Vertical Integration

Apple today announced a lot of new things – a sexy computer, a spreadsheet, and a new version of iMovie. A complete rewrite, according to the reality distortion field. It’s got this cool feature where you scrub the mouse across a video and it updates according to where it is. They also have a neat way to decompose things by scene very quickly. Watching the demo video got me thinking: how would I go about doing that? Really, it’s an impressive technical feat, dealing with all that data so immediately.

And here’s the thing: I don’t think I could do it. Not because of any inability on my own part, but because I don’t have the tools. I think there are exactly two companies today with the technical ability to pull off something like that: Apple and Microsoft. They each have:
– An OS
– A video stack
– A DRM system
– A whole suite of applications (roughly 1:1 corresondence)
– An application development stack
– An IDE (or five)
– The source code for all of the above
– The people who wrote all of the above

Any reasonable idea I can come up with for doing the kind of thing done by the new iMovie involves changing the video stack. And since I can’t change the video stack, since I don’t work for Apple, I’m out of luck.

Apple and Microsoft clearly have an advantage by controlling the entire software vertical, but I contend that it makes applications such as this downright impossible. Microsoft in particular has a long history of releasing one API and writing their own applications using another.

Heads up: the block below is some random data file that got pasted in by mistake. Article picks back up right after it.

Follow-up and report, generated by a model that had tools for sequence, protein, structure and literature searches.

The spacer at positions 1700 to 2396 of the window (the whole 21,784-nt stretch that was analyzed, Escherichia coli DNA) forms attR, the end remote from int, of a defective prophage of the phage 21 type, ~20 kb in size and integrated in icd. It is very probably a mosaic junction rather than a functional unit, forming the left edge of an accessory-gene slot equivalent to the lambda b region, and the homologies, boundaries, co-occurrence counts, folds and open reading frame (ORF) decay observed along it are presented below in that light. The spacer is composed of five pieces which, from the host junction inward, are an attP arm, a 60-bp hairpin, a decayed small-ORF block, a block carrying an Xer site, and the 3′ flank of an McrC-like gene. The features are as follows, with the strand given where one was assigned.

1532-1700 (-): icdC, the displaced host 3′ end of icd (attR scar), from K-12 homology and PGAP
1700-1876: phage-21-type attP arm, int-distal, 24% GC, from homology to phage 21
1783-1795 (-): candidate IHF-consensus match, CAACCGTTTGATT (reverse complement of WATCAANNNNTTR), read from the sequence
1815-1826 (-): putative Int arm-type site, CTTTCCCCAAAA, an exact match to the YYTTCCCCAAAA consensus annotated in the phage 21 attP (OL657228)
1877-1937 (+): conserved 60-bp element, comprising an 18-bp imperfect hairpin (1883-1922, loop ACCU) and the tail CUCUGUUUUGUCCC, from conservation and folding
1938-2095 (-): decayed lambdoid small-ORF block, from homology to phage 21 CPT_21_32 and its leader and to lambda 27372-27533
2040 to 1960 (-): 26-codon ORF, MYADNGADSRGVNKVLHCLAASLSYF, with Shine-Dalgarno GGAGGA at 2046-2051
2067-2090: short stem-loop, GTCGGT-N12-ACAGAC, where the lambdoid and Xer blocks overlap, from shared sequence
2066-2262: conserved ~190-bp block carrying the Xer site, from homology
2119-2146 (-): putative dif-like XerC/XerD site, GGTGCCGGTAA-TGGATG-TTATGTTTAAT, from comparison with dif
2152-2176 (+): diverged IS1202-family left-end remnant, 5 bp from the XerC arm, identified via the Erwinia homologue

Where is there hope for innovative apps? There’s one more vertical set of code I haven’t mentioned: open source. It’s not easy, but the tools are there to do what needs to be done. The only way to do any kind extensive innovation on a desktop app is by basing it on open source technologies. Apple and Microsoft simply cannot be fought on their own turf.

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Virtualization Heaven

I recently got a new workstation with lots of memory (3 GB) and a big disk (750 GB), and it has significantly improved my life. Here’s how:

1) Since we’ve got MSDN, I get Virtual PC for free. Not as cool as VMWare, which has neat ways to manage the changes to your VM, but still good enough for me.

2) I did a patched up XP install and save the VM definition + the disk (vhd and vmc files) in VMs/Base XP. I seem to remember having to hack up the .vmc file to have it use a relative path to the disk. The disk is named ‘disk.vhd’ to save me work.

3) Whenever I want to do something possibly invasive, like test a beta of Visual Studio or something else that I would be pretty stupid to do on my main dev box, I simple clone the directory, rename the files, and go from there. The copy takes about 5-10 minutes, depending on what else I’m doing at the time.

4) I’ve also got a ‘Base XP Dev’ image with my development environment all set up that I can use for extended debugging sessions without having to tie up my normal environment. Particularly useful when doing a long-running automated test on an old version, when there are outdated COM APIs (I know, I know).

I don’t think I’m ready to go full-on virtual yet. I tried that once, but the responsiveness of the VM just wasn’t where it needed to be. Immediate feedback is very important to me, since I tend to move pretty fast through systems that I know well. Maybe someday when I get a quad core box and the VM apps can spread across multiple cores, I’ll give it another try.

In summary: virtualization makes me happy.

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